Attorney-at-law Hugh Wildman said his client is happy to be freed of charges in relation to the death of Niguel Beason outside a nightclub in Linstead, St Catherine, adding that Beason and another man attacked his client for merely speaking out against the beating of a woman.
The man freed days after being charged for the shooting death of Beason on December 31 last year outside Club Lavish (upstairs in the photo above) is 56-year-old Averton Roy from Canada, as well as August Town in Bog Walk, St Catherine.
The deceased, 39-year-old Beason, is from Linstead as well as Manchester in England.
Wildman told The Beacon that his client, Roy, went to the nightclub with two females and another man. One of the woman is the ex-girlfriend of the late Beason. An argument eventually started between the two ex-lovers.
Wildman said: “A dispute started and my client decided to leave with the females, only to discover that one of the females knew the (now) deceased and had a relationship with him at some stage.
“The (now) deceased came downstairs [from upstairs where the club is located] and started to beat up the female. My client intervened by saying ‘why you beating up a lady like that?‘ The (now) deceased set on my client and started to beat him up, and he was joined by another person in beating up my client.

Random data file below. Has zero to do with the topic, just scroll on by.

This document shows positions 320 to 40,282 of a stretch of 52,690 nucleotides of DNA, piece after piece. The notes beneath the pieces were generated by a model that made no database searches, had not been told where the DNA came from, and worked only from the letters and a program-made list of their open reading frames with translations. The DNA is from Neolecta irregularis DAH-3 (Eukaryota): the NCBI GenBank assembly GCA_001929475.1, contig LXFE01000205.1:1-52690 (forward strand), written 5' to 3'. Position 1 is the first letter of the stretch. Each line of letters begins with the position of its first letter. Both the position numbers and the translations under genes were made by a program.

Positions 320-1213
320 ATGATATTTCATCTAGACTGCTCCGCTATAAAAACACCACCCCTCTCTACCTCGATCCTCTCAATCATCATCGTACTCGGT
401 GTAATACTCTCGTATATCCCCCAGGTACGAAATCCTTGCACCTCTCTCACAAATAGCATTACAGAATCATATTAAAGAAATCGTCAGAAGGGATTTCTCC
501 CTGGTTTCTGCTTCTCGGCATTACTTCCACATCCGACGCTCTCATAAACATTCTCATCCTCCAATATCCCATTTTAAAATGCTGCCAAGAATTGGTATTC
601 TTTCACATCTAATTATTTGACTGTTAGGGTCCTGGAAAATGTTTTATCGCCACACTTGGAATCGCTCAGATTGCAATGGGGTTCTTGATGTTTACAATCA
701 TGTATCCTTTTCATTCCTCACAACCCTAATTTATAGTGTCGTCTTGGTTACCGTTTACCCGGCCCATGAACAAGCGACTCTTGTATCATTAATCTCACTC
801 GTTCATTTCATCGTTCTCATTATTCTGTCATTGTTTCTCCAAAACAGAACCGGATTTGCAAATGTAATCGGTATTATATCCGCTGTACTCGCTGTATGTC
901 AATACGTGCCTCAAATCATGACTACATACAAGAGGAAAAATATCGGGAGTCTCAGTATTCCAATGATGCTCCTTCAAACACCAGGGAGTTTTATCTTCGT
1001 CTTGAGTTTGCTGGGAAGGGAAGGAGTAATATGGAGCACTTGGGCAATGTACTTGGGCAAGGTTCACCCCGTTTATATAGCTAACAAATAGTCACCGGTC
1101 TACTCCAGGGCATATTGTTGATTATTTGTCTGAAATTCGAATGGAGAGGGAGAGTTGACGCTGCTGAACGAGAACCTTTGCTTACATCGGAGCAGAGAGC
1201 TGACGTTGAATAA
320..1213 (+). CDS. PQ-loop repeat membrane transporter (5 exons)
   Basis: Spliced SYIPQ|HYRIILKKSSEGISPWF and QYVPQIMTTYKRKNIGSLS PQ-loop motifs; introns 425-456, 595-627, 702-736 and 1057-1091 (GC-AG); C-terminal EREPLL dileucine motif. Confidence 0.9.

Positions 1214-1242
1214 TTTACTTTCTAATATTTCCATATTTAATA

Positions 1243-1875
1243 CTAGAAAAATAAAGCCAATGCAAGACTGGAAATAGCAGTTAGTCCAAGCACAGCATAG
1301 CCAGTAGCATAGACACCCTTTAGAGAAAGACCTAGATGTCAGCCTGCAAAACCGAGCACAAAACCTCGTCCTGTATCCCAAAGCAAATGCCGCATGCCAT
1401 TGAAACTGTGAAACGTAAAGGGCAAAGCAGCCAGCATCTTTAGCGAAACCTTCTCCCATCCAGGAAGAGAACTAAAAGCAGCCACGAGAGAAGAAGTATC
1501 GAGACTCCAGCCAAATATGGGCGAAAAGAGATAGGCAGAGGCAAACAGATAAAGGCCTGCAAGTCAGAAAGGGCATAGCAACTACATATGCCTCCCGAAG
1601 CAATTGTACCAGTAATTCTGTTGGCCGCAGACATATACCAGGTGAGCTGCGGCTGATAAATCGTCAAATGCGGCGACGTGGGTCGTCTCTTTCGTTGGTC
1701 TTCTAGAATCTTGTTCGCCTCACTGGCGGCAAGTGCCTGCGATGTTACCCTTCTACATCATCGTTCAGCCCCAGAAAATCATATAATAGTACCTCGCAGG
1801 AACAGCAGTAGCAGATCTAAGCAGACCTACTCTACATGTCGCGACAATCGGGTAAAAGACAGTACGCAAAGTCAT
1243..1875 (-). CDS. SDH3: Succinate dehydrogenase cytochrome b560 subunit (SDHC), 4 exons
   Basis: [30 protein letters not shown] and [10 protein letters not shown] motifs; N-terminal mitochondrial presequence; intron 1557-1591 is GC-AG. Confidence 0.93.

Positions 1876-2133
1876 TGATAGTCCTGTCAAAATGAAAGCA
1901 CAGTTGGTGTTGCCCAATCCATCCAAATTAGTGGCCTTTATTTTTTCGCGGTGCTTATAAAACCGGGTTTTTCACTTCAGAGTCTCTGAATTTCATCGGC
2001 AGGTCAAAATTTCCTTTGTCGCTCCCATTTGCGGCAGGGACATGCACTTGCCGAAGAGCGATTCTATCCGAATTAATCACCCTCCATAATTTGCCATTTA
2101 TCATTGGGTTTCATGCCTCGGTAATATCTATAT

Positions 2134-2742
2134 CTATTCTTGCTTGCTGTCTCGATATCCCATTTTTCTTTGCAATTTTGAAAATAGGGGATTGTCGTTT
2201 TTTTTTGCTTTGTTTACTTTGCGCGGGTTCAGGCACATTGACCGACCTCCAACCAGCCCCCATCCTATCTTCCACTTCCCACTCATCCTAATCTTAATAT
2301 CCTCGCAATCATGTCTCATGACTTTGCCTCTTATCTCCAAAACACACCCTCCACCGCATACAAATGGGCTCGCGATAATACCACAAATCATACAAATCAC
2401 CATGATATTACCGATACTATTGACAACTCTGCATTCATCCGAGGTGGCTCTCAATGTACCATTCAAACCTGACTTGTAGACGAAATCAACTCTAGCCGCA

“My client had a blackout at one stage, so clearly he was the victim of a serious assault – physical attack by the (now) deceased and his friend,” Wildman further said.
His client, Roy, eventually shot Beason and then reported the matter to the police. The cops arrested and charged Roy.
“I was very concerned when I heard that he was charged. My client was cooperating from the start and then I couldn’t understand – nobody could understand how he was charged without they (prosecutors) having a proper assessment of the case,” Wildman continued.
“The video [from cameras attached to the club] confirms my client’s account that he was under attack from these men, and so the prosecution could not negative self-defense.”
Wildman further told The Beacon that he raised concern with the Office of the Director of Public Prosecutions.
He added: “My client was in custody for over a week and we had to move aggressively to get the prosecution to review the matter after he was charged, and they agreed with us [that he acted in self defense].
“They decided to bring the case up on a voluntary bill to expedite the process to bring my client before the court and have him discharged… All’s well that ends well,” Wildman further told The Beacon.
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